Peter Black First Minister, can I draw your attention to a particular problem in my region, in the village of Jersey Marine. They were promised fast broadband by March 2015. They were then promised it again by July 2015. The latest update is the cabinet has been installed for six months but they still have not got it because there appears to be a problem getting the cables across a railway line, which has been there since 1890. This doesn’t auger well for the planning process of BT or their contractors. One constituent who contacted me says he’s a home-based worker, seriously disadvantaged by poor broadband at only 1 MB and cannot take part in video-conferences nor share virtual desktops. What solution would you propose for people in Jersey Marine who require this superfast broadband and are not able to access is?

Carwyn Jones - The First Minister Clearly, it is planned for them to be able to access superfast broadband, but if I could write to the Member with further details, perhaps then we could investigate what the problem has been and also to provide a more secure date in the future for those who have contacted him.

This is an issue that needs to be addressed with some urgency by the next Welsh Government.

Sunday, February 07, 2016

Cameron tightens screw on social housing

Having announced last month that the Tory Government plans to put £140m into redeveloping nearly a hundred of the 'UK’s worst sink estates', the Prime Minister and his Chancellor are at it again with a scheme that will leave many families struggling to afford a roof over their heads whilst signalling a wholesale retreat from social housing in England.

The 'sink estates' scheme of course, is just a cover for the redevelopment of social housing in favour of more expensive private homes. The whole plan has many questions hanging over it, not least what will happen to the tenants of these estates and whether alternative affordable homes will be made available to them?

That has now been thrown into further doubt by plans to make families or individuals earning more than £40,000 a year in London, and more than £30,000 elsewhere pay a market rent. As the Observer reports, restricting social housing solely to the poorest in our society will mean that tens of thousands of hard-working families will be forced to leave their council homes and find themselves unable to afford a local alternative.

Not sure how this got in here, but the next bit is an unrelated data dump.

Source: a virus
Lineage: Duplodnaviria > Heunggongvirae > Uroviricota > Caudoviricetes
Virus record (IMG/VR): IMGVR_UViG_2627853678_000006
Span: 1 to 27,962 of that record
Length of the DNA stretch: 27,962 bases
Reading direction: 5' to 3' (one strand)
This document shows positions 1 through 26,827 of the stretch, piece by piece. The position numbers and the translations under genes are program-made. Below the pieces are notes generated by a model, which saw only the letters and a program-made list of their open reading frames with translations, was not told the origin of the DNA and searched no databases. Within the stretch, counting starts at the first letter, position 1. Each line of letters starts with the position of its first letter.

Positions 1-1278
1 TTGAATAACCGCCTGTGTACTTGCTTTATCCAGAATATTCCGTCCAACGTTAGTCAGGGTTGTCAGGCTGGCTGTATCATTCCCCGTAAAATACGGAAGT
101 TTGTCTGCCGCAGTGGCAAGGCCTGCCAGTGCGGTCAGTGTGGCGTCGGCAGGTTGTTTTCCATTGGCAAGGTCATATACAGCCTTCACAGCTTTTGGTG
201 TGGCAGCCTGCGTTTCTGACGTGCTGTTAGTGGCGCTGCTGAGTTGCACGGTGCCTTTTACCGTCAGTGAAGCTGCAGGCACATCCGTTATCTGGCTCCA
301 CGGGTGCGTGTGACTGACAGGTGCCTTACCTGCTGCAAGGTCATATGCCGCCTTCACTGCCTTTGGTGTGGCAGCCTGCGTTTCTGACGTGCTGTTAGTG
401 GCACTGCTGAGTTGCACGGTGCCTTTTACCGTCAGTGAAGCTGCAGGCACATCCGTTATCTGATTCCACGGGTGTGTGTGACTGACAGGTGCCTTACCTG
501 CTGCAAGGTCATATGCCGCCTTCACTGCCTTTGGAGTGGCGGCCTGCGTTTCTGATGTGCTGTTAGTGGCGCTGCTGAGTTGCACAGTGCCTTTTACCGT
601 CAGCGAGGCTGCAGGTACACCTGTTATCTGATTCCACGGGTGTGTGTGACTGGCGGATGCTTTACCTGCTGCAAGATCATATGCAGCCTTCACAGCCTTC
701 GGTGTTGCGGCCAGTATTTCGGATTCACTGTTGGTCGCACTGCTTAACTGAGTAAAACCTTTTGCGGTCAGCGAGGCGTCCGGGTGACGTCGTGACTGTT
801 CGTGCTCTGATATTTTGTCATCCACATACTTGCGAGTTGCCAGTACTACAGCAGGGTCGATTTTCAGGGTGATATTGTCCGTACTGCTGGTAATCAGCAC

It also contradicts the policy of redeveloping 'sink estates' as it will ghettoise social housing, restricting access solely to the low paid and the unemployed. A sustainable and vibarant community should contain a good mix of people within a broad range of economic groups. That will not be possible if access to social housing is limited as proposed by the Tories.

The Observer says that a report commissioned by the Local Government Association found that almost 60,000 households in England will be unable to afford to remain in their council properties from April next year, as a result of George Osborne’s reform, known as “pay to stay”.

This is because far higher rents in the private sector, and soaring house prices in many parts of the south, means that many council tenants who just exceed the income cut-offs will be left in a desperate position.

In total,  214,000 households across England will be hit by the policy, whilst in London most of the 27,000 households affected will be unable to afford to rent privately or buy in the same area.

Like the bedroom tax, the justification for this policy is that the taxpayer is paying a questionable subsidy. Putting aside the fact that many affected by both policies cannot afford to pay more, what we are left with is a crude attack on the concept of social housing, an attempt to redefine it as a refuge for the poor rather than  the original concept of a secure home for working people. Harold Macmillan must be spinning in his grave.